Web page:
• East: 1) Connecticut, 2) Rutgers, 3) Penn State, 4) Maryland, 5) Notre Dame
  • Central: 6) Virginia, 7) Ohio St, 8) Michigan, 9) Michigan St, 10) Indiana
  • South: 11) Texas, 12) Oklahoma, 13) Kansas, 14) Nebraska, 15) Iowa
  • North: 16) Minnesota, 17) Wisconsin, 18) Northwestern, 19) Illinois, 20) Purdue
In this arrangement, ND insistend on being in the 'eastern' pod while Nebraksa pushed to be attached to Texas for recruting reasons. Protected cross-over rivals are put in place between UVA and Maryland, Indiana and Purdue, etc.
 
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#45
I Agree that the B1G's goal is to get to 20 with football broken down into 4 pods of 5. The confernece will likley take the best from which ever conference folds first - the ACC ot XII.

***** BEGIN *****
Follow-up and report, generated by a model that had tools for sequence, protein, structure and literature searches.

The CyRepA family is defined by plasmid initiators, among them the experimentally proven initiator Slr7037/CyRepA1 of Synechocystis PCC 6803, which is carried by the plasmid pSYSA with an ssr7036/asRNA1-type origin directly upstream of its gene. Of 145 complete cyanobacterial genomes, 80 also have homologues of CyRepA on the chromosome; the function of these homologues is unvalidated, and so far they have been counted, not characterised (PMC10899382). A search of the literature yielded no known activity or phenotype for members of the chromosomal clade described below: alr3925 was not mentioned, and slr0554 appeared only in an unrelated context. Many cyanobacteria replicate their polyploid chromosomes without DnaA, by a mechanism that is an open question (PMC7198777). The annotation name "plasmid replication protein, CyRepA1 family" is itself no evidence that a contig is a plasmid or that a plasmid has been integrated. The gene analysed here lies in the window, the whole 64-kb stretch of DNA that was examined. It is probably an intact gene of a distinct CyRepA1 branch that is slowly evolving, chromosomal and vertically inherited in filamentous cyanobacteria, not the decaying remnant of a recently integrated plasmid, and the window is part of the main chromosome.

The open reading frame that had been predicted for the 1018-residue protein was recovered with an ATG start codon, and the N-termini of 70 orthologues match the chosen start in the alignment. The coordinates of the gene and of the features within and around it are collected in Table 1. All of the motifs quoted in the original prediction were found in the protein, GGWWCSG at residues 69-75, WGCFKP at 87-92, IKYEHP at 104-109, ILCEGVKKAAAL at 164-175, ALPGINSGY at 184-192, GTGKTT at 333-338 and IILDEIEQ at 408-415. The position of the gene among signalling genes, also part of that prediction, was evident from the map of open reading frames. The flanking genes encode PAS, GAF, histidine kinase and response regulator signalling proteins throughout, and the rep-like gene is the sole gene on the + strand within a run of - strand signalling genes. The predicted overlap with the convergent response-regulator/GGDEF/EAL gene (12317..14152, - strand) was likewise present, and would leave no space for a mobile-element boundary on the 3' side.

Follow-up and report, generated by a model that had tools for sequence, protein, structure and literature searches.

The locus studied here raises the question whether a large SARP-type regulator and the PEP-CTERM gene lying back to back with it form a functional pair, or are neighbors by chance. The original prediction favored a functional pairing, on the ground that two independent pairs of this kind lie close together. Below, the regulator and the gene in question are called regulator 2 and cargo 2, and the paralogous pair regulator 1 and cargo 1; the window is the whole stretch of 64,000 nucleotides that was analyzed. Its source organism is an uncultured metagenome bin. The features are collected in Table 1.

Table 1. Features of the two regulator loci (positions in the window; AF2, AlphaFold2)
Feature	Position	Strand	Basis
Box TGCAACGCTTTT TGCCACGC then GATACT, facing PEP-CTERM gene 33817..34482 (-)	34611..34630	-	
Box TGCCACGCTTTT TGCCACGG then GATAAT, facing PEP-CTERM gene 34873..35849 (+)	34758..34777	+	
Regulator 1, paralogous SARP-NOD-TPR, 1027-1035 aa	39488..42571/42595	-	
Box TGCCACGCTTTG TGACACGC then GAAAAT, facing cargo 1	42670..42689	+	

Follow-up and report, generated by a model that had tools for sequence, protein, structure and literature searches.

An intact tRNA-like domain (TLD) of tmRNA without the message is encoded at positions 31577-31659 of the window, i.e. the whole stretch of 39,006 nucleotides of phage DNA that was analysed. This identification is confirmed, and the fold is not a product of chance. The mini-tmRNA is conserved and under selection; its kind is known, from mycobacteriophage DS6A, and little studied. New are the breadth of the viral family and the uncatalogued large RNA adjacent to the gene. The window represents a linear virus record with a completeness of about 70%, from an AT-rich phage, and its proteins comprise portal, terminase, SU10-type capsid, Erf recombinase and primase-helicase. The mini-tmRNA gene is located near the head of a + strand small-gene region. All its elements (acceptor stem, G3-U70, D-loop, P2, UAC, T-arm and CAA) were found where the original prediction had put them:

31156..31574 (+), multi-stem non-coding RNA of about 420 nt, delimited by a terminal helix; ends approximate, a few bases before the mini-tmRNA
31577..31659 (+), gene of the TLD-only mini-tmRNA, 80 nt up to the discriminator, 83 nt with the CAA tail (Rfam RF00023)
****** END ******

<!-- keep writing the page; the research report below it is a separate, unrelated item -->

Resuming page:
Their idea situation is that the XII folds and ACC becomes unstable. That allows the B1G to go from 14 to 20 schools with - 1) Texas, 2) Oklahoma, 3) Kansas, and 4) Virginia. That leaves the following to schools fight it out for the last 2 slots (not in any order) - 1) UConn, 2) ND, 3) UNC, 4) Duke, 5) G-Tech, 6) Florida St. My guess would be that the Tobacco Road says no to the 'Great Northern Conference' and takes ND (who decides that independence is history and the B1G is as 'national' as one can get and UConn to lock-up the Northeast and Midwest 'Yankeedom.' So, the 4 B1G Pods look like this:
  • East: 1) Connecticut, 2) Rutgers, 3) Penn State, 4) Maryland, 5) Notre Dame
  • Central: 6) Virginia, 7) Ohio St, 8) Michigan, 9) Michigan St, 10) Indiana
  • South: 11) Texas, 12) Oklahoma, 13) Kansas, 14) Nebraska, 15) Iowa
  • North: 16) Minnesota, 17) Wisconsin, 18) Northwestern, 19) Illinois, 20) Purdue
In this arrangement, ND insistend on being in the 'eastern' pod while Nebraksa pushed to be attached to Texas for recruting reasons. Protected cross-over rivals are put in place between UVA and Maryland, Indiana and Purdue, etc.